This past year, Susan Orlean (the New Yorker writer played by Meryl Streep in Adaptation) wrote an entire book about the history of this star dog. For a time, the dog — played over the year by many German shepards — was one of silent and talkie film’s most well-known actors, appearing in more than 20 movies by the time TV’s The Adventures of Rin-Tin-Tin came around in 1954.
When The Girl with the Dragon Tattoo hits movie theaters on December 21st, it will be the second major female-led franchise movie released in just over a month. The first, The Twilight Saga: Breaking Dawn - Part I, has already earned over $640 million dollars worldwide since its November 18th release and has become the third-highest grossing movie of 2011 (after Harry Potter and the Deathly Hallows: Part 2 and Transformers: Dark of the Moon -- and on a lower budget than those films). The remarkable success of the Twilight film series, with over $2 billion in worldwide ticket sales to date, proves that audiences will show up to see tentpole movies built around women.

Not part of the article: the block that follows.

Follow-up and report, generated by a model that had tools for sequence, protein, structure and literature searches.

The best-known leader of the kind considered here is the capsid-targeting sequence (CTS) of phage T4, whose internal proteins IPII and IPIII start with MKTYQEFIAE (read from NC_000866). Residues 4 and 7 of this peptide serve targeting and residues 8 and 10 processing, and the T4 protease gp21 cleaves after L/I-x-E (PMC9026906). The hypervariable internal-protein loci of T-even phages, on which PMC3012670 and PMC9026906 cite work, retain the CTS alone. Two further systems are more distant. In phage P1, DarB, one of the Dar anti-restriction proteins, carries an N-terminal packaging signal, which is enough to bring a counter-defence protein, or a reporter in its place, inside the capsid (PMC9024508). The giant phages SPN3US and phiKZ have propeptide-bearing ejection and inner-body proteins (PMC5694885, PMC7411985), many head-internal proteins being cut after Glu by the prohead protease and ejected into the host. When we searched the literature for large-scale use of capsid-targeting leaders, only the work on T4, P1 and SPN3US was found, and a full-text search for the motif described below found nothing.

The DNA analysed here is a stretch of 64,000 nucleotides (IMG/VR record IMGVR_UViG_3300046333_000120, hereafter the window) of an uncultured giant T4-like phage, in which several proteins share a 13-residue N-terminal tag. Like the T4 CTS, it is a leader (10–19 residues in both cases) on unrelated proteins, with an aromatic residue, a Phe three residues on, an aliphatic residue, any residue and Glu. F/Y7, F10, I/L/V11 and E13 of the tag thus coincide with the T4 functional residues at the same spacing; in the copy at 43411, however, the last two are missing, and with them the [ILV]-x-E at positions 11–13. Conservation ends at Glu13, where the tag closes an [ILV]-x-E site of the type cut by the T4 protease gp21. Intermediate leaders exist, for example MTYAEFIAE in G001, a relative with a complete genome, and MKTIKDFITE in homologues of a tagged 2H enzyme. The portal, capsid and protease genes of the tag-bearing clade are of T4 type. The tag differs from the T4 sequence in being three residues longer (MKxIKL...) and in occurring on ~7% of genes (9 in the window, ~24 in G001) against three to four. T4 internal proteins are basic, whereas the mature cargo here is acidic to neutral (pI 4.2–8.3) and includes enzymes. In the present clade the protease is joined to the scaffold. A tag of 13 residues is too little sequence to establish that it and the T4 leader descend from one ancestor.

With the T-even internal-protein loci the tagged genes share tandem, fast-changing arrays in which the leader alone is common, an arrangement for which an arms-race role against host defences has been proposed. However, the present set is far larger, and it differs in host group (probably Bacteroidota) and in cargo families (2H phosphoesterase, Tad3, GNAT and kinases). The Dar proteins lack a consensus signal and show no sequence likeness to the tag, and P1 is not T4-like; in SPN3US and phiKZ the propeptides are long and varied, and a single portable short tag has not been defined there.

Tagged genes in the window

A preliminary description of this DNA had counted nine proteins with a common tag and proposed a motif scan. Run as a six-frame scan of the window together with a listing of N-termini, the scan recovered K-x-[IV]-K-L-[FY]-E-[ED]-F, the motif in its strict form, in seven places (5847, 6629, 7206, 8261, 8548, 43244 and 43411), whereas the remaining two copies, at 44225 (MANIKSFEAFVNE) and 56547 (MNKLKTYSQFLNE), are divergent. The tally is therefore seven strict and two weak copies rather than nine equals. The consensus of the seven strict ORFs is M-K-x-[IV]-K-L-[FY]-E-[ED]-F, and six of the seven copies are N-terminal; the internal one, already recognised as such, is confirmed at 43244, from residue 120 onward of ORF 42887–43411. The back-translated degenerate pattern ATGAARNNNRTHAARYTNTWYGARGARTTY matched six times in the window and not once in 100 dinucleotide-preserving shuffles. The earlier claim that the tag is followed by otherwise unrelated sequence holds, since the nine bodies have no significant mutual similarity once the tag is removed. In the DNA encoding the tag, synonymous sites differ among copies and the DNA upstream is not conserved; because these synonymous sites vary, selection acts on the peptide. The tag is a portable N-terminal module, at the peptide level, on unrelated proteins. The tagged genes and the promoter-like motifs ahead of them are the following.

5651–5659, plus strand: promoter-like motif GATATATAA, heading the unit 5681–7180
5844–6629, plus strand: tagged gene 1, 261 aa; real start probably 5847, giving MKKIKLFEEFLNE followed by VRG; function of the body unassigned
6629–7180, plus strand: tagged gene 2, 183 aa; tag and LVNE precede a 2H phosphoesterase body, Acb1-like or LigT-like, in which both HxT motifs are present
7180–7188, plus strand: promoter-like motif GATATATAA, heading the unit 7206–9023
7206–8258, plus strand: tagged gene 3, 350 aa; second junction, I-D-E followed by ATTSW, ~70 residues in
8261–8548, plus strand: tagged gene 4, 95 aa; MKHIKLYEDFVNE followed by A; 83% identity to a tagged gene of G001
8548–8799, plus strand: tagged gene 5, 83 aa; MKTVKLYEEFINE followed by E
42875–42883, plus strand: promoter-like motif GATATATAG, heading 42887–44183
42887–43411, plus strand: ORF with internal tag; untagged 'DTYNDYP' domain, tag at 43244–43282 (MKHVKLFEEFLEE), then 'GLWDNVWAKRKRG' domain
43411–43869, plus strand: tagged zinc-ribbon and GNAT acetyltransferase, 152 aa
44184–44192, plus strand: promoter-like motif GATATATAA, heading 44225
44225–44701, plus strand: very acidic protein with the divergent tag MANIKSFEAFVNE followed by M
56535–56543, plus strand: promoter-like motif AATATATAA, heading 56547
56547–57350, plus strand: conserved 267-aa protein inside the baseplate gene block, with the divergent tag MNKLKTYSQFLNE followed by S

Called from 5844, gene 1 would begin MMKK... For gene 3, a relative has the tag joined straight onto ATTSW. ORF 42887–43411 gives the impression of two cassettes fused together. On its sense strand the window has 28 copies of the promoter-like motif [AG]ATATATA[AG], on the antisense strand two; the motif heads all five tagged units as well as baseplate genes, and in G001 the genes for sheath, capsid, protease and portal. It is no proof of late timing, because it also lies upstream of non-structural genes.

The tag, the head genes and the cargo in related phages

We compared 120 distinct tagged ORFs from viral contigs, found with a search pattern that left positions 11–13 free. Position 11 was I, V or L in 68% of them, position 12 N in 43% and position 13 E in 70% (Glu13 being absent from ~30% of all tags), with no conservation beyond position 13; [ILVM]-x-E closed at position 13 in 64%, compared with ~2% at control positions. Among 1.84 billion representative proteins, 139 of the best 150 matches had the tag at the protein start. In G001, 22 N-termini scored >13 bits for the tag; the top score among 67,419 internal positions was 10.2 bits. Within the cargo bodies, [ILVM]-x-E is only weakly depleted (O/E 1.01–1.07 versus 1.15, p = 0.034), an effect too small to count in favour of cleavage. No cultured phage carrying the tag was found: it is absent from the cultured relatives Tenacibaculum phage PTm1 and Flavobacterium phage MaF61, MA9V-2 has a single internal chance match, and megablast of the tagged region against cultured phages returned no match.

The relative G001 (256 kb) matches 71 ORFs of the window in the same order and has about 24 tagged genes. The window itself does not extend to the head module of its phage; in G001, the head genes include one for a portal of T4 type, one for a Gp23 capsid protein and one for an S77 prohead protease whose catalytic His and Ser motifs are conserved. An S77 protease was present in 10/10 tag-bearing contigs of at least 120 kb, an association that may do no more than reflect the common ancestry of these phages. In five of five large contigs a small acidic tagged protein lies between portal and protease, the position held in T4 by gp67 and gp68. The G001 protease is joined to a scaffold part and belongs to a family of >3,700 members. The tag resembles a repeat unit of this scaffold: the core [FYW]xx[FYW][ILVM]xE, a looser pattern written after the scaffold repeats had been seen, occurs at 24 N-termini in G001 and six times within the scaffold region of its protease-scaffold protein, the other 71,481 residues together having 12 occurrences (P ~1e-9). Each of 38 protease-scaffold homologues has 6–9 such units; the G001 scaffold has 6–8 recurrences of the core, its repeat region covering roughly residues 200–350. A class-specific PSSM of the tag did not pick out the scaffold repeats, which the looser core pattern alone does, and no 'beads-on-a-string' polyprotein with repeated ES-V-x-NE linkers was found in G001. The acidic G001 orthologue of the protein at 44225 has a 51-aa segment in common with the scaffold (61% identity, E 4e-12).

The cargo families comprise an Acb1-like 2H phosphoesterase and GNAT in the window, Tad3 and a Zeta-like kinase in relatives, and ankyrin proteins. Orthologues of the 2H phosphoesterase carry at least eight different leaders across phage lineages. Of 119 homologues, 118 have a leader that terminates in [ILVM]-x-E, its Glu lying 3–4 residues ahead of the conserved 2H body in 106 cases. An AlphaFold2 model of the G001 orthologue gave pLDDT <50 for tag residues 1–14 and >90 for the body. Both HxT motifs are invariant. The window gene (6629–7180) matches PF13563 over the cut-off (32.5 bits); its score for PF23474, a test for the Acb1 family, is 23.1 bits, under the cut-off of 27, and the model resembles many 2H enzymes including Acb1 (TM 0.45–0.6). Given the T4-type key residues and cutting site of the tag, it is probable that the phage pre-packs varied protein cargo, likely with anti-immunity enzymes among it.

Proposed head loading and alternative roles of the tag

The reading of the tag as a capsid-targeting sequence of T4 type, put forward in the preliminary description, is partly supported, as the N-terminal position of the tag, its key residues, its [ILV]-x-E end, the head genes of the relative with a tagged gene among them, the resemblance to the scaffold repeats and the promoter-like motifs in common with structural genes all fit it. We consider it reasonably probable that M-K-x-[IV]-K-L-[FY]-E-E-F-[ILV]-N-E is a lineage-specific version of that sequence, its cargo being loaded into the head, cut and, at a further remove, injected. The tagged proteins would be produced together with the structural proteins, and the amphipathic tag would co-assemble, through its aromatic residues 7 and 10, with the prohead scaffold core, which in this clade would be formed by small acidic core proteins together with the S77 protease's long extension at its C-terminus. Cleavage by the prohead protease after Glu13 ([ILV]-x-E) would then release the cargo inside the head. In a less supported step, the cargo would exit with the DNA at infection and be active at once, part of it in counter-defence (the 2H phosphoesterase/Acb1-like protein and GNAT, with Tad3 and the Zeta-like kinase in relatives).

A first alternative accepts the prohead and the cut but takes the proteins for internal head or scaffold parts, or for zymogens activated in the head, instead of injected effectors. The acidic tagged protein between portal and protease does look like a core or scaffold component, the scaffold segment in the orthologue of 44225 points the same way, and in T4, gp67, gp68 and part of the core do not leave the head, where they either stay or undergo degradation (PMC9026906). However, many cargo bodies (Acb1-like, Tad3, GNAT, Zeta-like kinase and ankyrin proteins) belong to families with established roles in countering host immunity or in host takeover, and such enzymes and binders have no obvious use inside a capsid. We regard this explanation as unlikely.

Now with the upcoming release of The Girl with the Dragon Tattoo and the spring/summer 2012 openings of Mirror Mirror, The Hunger Games, and Snow White and the Huntsman, audiences are being offered a run of female-oriented big-budget films unlike anything they've seen in recent years. After decades of lavishing resources on male-led action and comic book movies, Hollywood is finally making an effort to give women and their stories the blockbuster treatment.
Why do I write about families?
When asked, which is unfortunately quite often, I usually just make something up that sounds reflective. I don't like the question. I have no interest in knowing why I write the things I do, but as it's asked so frequently I figured I should put some thought into it. I keep going back to one particular day. I'll walk you through it, show my work like you're supposed to do in algebra class, and by the end maybe I'll have a sensible answer.